So, you’ve managed to play the piece that you always wanted to learn. You indulged in it’s harmonic sequences and you grasped it’s inner world. You loved everything about this piece, even trivial details, such as, who played it the right speed, which famous pianist messed up it’s recapitulation or in which part of a recital it should be played.

Still, somehow you reached a point where you felt that you didn’t play it how it should be played, and that you actually couldn’t improve it. “How is that possible?” you said to yourself. “Why this piece doesn’t get any better?”, you asked your fellow musicians with angst. However, could it be possible that you can’t improve a piece? Well, yes, it can.

Here’s a few reasons for why your piece has become stale:

A) You compare your playing. You think that your interpretation doesn’t hold a candle to a performance from a favourite pianist. Well, if you compare your playing with an admired pianist’s performance you will always feel that it falls short. Unfortunately, I’m afraid that it may well be the case that your favourite pianist is vastly better that you; otherwise you wouldn’t like him, would you? It’s only natural. Every pianist has had this problem at some point in his pianistic journey. You Just need to withdraw yourself from such comparisons and accept that every pianist is unique and everyone has their own limits and positive things to add to music. It doesn’t necessarily mean that your performance is inferior to that of a favourite pianist but it may well mean that it’s just different. Remember, that every pianist has strengths and weaknesses. So, take heart and embrace your own strengths and if possible advocate them to the world. Your eccentric ritenuto, for instance, or your vastly broad climactic approach to a recapitulation, maybe give you the edge over other pianists and it could even catapult you to fame. Who knows? So, stop comparing.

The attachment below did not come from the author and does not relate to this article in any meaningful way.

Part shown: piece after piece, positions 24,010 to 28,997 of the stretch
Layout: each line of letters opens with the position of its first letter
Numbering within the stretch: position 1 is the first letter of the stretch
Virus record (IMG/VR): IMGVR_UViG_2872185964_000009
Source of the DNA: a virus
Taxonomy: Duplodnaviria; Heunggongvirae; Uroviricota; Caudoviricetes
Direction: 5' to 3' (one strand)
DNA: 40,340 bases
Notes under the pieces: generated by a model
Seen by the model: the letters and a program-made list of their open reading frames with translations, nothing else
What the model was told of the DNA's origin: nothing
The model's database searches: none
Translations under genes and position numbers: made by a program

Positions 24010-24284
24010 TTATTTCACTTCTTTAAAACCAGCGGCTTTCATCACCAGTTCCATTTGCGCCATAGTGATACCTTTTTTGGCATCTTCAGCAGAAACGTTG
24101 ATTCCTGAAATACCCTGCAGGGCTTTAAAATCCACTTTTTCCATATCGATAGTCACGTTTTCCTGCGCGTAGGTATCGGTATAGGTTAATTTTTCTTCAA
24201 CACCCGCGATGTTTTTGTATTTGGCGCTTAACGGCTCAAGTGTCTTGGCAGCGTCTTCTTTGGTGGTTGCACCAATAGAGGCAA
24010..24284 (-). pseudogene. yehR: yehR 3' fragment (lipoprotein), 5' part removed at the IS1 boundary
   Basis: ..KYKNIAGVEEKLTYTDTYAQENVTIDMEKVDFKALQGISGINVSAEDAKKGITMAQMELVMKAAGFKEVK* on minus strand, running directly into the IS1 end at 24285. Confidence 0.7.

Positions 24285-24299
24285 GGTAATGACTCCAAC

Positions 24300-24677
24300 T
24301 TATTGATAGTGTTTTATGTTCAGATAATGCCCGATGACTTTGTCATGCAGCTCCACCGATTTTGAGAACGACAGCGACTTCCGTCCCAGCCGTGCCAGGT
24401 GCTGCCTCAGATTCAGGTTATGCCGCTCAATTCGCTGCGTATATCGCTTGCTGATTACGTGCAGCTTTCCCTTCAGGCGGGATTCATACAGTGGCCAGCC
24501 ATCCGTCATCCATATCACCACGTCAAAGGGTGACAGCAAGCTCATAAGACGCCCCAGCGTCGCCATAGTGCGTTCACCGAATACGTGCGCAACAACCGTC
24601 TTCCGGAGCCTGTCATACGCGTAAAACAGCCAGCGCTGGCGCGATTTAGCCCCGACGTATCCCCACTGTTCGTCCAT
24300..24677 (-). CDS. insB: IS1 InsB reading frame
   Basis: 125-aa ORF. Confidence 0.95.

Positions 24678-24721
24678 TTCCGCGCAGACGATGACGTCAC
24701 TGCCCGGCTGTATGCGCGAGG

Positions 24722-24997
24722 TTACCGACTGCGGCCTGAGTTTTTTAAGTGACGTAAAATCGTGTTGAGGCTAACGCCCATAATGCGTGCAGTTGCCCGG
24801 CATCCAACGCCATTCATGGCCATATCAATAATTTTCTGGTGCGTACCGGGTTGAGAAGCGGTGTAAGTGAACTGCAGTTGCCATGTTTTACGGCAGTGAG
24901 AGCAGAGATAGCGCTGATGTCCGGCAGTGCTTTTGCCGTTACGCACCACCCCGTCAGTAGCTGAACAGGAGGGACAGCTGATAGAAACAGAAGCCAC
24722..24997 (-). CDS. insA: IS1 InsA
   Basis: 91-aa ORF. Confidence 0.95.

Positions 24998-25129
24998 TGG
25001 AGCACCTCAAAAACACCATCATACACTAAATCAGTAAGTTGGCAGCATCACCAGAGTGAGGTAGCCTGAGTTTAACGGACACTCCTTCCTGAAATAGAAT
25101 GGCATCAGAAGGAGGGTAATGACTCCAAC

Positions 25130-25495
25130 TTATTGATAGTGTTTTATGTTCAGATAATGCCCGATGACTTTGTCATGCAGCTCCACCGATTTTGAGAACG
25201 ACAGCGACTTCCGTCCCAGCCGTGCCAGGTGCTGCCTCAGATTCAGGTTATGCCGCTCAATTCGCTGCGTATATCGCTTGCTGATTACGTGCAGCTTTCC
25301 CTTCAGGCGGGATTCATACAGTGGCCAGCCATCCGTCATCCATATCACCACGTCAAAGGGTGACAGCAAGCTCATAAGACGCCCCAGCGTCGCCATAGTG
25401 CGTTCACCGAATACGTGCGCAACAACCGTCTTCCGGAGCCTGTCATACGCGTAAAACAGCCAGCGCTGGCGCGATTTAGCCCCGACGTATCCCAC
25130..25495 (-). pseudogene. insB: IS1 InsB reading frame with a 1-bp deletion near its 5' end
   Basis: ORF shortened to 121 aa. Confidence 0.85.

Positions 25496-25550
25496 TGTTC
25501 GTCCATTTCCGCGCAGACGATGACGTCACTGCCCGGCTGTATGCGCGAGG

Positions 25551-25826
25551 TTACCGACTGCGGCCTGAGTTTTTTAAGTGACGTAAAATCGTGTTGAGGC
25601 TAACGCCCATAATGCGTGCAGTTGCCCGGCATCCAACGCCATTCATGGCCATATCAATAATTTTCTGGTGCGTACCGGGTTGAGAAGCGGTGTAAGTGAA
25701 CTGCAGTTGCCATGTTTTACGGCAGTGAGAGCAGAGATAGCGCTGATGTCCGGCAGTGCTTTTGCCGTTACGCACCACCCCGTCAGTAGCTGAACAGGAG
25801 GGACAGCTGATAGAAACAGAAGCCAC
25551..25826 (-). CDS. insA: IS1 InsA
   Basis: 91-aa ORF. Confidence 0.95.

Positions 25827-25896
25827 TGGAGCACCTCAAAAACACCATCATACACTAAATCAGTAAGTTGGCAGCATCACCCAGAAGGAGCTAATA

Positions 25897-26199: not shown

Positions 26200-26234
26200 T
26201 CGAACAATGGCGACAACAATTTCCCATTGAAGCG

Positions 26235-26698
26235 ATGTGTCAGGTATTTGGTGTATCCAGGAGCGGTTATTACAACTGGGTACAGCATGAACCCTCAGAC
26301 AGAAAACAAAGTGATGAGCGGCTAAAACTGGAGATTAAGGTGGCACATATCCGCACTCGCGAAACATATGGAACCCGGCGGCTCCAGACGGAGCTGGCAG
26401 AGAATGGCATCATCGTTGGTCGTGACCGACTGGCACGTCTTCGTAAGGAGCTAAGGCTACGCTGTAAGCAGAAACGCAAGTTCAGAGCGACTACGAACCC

B) You have reached a pianist’s “block”. Borrowed from the expression “writer’s block”, it means that you currently don’t possess the necessary technical or musical ability to improve the piece. If you feel, for example, that in that passage you can’t play fast enough the scale to reach with “dignity” the next bar, then perhaps it means that you are inadequately technically prepared. Maybe you need to go back and practise a few scales or studies to strengthen your technique before coming back to tackle the problem. At the same time, if you think that the piece just doesn’t sound “right”, even though the technical ability is there, then perhaps it’s time to give the piece a fresh look or improve your musical understanding of the composer. As a suggestion, you can find papers written for the piece or ask a teacher that you admire to show you his views on the piece. You can even play to your grandma after lunch. Even she might have some interesting points to make; you never know.